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Community's take on the county board of education public hearing


Last updated 5/6/2019 at 9:58am

The San Diego County Board of Education came to Fallbrook, Tuesday, April 23, to hold a public hearing and to get input from local residents on the Fallbrook Union Elementary School District board’s adoption of Map 103. Fallbrook can be very proud of the community members who came out to support and speak up for the community map.

The room was at capacity. They attended because they wanted the county board to know the truth – our district board refused to consider what the community believes is best for Fallbrook. Fifteen community members courageously walked up to the podium to speak up against Map 103 and for Fallbrook families and the future of Fallbrook.

They spoke up for every person in Fallbrook who strongly disagrees with the actions of our local board. They spoke up for their fellow Fallbrookians who don’t have children in the schools and might feel as if they “don’t have a dog in this fight” but will nevertheless be greatly affected by the mere fact that we are finally moving to a true representative democracy. They spoke up for every family and every child who has never had a role model on that board.

Only three people spoke in favor of Map 103 – two were current board members and one read a letter from a person who couldn’t be bothered to attend. That letter essentially said that once a person is elected, they should be able to stay on the board as long as they wish because the most important thing was to have “board stability.”

Why even bother with future elections then?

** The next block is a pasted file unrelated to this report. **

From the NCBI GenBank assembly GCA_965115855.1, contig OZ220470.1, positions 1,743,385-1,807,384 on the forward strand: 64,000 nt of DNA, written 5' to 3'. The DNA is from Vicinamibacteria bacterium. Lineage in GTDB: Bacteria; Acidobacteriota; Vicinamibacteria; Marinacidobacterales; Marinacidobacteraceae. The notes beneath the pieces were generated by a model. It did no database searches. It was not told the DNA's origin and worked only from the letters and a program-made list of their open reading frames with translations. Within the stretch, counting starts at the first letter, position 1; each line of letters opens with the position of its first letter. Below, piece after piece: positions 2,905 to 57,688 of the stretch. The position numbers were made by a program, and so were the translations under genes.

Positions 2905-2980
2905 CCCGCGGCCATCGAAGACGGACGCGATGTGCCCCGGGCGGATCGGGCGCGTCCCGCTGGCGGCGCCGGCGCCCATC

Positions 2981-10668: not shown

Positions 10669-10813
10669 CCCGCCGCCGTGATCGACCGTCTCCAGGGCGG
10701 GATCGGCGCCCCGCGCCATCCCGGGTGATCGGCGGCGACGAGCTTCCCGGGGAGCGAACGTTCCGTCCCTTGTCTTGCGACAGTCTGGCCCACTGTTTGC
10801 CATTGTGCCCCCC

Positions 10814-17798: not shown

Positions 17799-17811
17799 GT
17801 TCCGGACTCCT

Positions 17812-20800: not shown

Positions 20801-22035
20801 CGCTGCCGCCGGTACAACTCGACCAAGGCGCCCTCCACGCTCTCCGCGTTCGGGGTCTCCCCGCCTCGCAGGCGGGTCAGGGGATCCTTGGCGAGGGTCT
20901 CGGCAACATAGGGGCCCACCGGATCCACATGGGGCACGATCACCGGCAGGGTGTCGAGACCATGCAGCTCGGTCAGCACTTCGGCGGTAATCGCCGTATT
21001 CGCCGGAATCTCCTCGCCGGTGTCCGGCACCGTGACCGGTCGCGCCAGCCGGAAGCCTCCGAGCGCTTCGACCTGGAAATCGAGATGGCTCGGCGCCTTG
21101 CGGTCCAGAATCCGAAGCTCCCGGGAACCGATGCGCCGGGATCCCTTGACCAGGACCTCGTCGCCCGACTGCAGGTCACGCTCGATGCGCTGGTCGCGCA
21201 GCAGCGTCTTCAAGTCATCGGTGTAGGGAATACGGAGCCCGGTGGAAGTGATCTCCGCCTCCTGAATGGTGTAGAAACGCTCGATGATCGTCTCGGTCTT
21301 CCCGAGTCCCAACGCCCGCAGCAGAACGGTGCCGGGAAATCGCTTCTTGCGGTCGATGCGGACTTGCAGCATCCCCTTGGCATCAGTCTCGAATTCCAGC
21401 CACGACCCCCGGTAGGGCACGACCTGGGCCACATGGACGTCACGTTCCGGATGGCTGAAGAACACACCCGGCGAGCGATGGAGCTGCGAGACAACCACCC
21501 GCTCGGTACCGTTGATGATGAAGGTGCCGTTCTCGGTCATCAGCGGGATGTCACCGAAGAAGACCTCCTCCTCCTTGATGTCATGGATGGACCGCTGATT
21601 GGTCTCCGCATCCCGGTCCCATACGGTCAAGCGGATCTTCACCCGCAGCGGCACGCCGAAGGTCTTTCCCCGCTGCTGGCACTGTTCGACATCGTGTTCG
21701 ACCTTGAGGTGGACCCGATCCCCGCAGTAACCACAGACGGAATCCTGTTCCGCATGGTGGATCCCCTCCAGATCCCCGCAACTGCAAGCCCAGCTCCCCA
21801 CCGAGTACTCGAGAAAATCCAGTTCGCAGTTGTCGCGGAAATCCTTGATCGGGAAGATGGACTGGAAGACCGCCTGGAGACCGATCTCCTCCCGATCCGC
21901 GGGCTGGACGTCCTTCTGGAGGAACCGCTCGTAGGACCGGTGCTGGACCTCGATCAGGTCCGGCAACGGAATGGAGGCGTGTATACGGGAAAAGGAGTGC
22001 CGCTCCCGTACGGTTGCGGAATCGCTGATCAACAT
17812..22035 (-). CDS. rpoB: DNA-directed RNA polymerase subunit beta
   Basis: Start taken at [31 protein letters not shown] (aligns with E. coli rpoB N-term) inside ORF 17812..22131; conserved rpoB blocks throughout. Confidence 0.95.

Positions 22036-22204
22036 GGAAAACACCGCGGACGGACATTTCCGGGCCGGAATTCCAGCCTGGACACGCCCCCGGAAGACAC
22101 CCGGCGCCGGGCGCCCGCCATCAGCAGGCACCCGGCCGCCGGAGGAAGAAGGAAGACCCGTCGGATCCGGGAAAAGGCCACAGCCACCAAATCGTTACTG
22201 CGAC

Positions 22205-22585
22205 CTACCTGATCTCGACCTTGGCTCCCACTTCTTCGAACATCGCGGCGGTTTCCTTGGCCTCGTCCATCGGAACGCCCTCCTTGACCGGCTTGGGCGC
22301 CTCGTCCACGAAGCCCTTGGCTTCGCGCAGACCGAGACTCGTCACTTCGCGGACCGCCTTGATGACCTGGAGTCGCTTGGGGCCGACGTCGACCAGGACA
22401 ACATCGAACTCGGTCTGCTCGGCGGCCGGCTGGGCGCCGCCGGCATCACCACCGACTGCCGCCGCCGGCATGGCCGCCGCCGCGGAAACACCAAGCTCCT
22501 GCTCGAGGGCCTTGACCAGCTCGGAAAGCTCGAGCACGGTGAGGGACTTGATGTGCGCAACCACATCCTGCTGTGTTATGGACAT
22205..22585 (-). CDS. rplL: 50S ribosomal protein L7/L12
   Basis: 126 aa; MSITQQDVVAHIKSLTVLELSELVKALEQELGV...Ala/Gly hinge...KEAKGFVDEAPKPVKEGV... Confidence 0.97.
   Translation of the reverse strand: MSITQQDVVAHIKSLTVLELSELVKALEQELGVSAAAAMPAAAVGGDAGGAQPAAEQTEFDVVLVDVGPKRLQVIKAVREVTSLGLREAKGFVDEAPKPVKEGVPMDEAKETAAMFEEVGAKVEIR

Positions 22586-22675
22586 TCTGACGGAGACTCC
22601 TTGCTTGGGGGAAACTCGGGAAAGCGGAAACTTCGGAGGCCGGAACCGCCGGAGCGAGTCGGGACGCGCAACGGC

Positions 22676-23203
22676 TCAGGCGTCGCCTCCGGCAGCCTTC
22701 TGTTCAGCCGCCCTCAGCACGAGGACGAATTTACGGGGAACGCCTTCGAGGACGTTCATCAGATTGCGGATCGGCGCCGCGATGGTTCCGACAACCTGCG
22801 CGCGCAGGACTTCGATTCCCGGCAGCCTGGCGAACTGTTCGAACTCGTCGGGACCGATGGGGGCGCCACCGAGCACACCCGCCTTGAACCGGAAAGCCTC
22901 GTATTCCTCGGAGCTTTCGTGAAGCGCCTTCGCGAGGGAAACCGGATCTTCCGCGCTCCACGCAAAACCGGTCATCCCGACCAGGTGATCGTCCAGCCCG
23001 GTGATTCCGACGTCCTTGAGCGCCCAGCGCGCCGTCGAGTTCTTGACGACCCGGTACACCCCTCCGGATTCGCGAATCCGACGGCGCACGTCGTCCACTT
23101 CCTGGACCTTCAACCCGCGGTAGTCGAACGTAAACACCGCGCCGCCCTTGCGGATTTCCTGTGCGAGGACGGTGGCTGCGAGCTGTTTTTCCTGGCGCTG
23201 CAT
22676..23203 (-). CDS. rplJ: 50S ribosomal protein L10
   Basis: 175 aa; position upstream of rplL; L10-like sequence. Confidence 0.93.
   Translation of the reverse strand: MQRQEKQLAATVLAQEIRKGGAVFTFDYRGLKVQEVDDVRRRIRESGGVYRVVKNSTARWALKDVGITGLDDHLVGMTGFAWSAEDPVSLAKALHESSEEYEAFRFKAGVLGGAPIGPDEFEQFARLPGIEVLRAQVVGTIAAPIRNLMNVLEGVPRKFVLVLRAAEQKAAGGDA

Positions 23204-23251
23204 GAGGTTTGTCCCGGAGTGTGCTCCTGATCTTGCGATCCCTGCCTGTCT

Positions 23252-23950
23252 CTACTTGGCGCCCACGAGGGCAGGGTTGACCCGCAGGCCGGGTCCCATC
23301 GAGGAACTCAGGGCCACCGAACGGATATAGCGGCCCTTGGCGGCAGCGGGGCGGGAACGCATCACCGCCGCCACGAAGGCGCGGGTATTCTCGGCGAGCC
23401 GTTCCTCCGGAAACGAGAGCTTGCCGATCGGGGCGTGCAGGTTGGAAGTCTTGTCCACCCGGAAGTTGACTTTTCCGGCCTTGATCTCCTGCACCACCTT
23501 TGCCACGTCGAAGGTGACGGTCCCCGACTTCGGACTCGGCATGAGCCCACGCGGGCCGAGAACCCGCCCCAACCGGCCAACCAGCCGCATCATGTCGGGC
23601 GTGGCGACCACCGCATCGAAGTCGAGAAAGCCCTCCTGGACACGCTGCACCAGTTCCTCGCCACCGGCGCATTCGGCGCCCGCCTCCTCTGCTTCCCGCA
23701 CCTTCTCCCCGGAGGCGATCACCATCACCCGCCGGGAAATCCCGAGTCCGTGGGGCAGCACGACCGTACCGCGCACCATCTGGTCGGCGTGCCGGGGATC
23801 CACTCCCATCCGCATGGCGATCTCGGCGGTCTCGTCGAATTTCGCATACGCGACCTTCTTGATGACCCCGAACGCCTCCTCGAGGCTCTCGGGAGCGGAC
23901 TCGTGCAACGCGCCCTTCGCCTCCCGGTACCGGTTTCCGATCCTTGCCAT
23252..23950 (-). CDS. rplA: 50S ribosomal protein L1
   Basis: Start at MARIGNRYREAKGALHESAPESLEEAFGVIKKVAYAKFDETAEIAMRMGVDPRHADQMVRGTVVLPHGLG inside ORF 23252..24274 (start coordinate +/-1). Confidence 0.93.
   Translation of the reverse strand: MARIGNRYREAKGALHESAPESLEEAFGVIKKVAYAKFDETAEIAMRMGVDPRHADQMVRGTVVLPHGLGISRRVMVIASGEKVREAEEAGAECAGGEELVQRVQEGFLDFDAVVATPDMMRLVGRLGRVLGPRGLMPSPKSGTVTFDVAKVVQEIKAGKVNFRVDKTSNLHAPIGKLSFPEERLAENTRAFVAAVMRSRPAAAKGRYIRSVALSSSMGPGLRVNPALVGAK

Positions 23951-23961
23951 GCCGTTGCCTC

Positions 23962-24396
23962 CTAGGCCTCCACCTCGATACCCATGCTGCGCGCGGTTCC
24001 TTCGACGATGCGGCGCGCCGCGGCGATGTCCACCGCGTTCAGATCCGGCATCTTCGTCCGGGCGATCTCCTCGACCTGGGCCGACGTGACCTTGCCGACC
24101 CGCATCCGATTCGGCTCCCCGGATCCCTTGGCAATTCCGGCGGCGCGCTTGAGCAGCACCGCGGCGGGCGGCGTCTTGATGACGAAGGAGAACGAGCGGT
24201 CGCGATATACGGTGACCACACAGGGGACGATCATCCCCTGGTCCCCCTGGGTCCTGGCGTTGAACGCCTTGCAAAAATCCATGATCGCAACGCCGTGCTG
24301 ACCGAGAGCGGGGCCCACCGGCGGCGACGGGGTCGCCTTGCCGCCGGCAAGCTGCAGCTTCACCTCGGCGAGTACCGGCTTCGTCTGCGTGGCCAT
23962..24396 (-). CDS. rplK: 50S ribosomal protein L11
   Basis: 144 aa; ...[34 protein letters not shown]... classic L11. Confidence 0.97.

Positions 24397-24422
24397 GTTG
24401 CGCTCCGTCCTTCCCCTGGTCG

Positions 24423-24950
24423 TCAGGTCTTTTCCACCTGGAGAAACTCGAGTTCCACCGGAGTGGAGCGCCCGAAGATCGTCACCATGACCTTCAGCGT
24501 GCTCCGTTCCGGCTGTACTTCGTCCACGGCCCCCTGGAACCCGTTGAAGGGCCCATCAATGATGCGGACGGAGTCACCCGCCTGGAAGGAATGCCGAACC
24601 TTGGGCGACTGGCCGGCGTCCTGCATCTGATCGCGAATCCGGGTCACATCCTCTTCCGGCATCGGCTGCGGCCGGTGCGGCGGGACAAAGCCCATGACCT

FUESD’s attorney Daniel Shinoff, the demographer Doug Johnson and the four board members that attended should be ashamed of themselves. They continued to be dismissive and disrespectful of the community during the public hearing.

Comments such as “the same 30 to 40 people attended previous meetings” was a clear indication of their lack of concern and awareness of what a public hearing to obtain input is meant to accomplish. Shinoff told outright falsehoods, stating that there was “about even split” between public opposition and support of Map 103.

There was no public support of Map 103, a fact backed up by transcripts. He also said that he “couldn’t explain” why the public wasn’t in favor of Map 103. If he had paid attention for five minutes at any public meeting, he would be able to explain.

Johnson of National Demographics Corp. tried to confuse the issue by saying that U.S. Marine Corps Base Camp Pendleton was the “biggest issue” and that having an election in 2020 would “remove” a current board member. Camp Pendleton is not the protected class in this case but nevertheless, families on the base will have three board members representing them with either map. And no current board member will be removed regardless.

Of importance is that boards of the high school, fire district and healthcare district have taken a completely different attitude. Two have already adopted their maps and election sequences with 100% support from the community because of their openness, accessibility and transparency, for the sake of Fallbrook as a whole.

The county will decide on the Map 103 resolution May 8. Whatever the decision, Fallbrook can be very proud of how the community informed itself and stood up to the status quo that has violated the federal and state voting rights acts for 17 years.

Leticia Maldonado-Stamos


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